As teachers, we see students every day. We often are the front lines in dealing with crises. Everyday events like bullying, poverty or relationship issues may cause stress. Students may be experiencing fear from the recent election. Perhaps they have heard about clown sightings that are occurring on school grounds nationwide.
The recent election events have divided the nation. We cannot forget about our students. They feel the division. They see and hear how adults around them react. They often model their own behavior on what they see others doing.
As I write this I am struggling with my own feelings after seeing how the election has affected my students. One of my students attempted suicide last week. He came to my school after years of being bullied and now fears that the pattern will repeat. Several families fear that they will be caught by police and deported. One girl cannot focus on her schoolwork because she is so scared for her LGBQT friends.
As adults, it is our responsibility to step back from our own beliefs, worries and fears. We must provide neutral support for our students. Although this may be challenging it is a professional duty and what we must do as advocates for our students.
Any event that causes stress requires a knowledgeable and caring response. Here are some quick tips that you can put to use right away:
Monitor your own response.
You are the adult. Stay neutral about any controversial topics. Don’t judge anyone. Don’t cry. Don’t show anger or fear. You can say that you feel these things, in fact that may help your students understand that their feelings are acceptable. Keep in mind that if you lose your control, students will as well. This self survey from the National Association School Psychologists was designed for support personnel but was really helpful to gauge my own action steps for helping my students. I encourage you to pay special attention to the “Values and Attitudes” section.
Just-In-Time Teaching is a strategy designed to answer questions as students ask them. This strategy makes the age-old “teachable moment” come alive. In times of crisis, make the events, emotions, reactions and feelings into a lesson. In these times, we must remember that we teach more than a subject area, we teach children. What about the crisis or event might link to your content area or current lesson? What can be made into a life lesson?
Crisis response protocol is a set of defined and practiced steps in reaction to a major threat. Procedures like lock outs and lock downs keep you and your students safe. As required by law, practice these procedures and learn to stay calm. Model the attitude and actions you want your students to take. Basic response protocol steps are usually outlined per district or school building but it helps to know what individual classrooms and teachers can do to provide the support that students need.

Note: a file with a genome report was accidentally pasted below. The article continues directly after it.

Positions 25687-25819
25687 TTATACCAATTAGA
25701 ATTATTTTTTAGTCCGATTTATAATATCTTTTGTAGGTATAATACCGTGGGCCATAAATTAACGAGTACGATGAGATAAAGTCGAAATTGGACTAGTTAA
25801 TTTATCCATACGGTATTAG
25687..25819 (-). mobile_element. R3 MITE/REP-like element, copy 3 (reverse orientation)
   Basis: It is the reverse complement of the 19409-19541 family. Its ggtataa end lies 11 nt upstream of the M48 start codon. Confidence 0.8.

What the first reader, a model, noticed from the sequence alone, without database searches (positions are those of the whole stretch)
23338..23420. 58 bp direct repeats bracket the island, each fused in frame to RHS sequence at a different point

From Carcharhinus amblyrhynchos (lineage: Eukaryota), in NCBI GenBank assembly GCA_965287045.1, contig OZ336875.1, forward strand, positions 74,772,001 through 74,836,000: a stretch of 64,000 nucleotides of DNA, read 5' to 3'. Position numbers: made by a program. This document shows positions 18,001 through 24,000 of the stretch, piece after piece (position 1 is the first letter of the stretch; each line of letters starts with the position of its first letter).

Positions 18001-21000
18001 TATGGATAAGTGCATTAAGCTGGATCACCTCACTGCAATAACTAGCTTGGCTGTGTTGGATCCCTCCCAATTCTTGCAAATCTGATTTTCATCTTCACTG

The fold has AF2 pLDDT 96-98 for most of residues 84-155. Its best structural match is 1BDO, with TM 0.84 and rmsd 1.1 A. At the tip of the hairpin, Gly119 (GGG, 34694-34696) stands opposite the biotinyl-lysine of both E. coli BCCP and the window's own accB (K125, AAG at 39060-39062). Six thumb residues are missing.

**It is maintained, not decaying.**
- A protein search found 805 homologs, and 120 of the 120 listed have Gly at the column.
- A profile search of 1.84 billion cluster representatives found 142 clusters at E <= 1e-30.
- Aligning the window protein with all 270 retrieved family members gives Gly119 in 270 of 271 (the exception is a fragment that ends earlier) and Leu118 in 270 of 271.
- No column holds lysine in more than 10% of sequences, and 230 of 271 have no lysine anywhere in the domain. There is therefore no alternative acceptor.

This one is simple: ask students what they need. After 9/11 my students fell into distinct groups, those that could think of nothing else and those who wanted to not think about it. I offered options that tried to meet everyone’s needs. My teaching team partnered up and took groups of students. One classroom was for those who wanted to watch the event on live TV, another classroom who wanted silence another classroom for those who wanted to talk about what was happening.
This might not work if you are teaching early grades but it is a great strategy for older kids. While I don’t usually advocate for postponing curriculum, in times of crisis there is a real need to stop teaching our content and meet the needs of our students. The Derek Bok Center for Teaching and Learning at Harvard University has more great tips for opening the lines of communication.
Ask For Support
Every school or district has support personnel to assist in times of crisis. School administration, counselors, social workers… they are there for a reason, to support you and your students. Ask for their help. Point students and parents to these resources, too. Whether in times of crisis or not, be aware of and watch for signs that counseling is needed.
I keep these strategies in mind as I cope with recent events and help my students to do the same. There is not a single answer. Every teacher, every student, every family and every classroom will need different strategies.
Realize that you are not alone. Tell your students that they are not alone. You are there for them.
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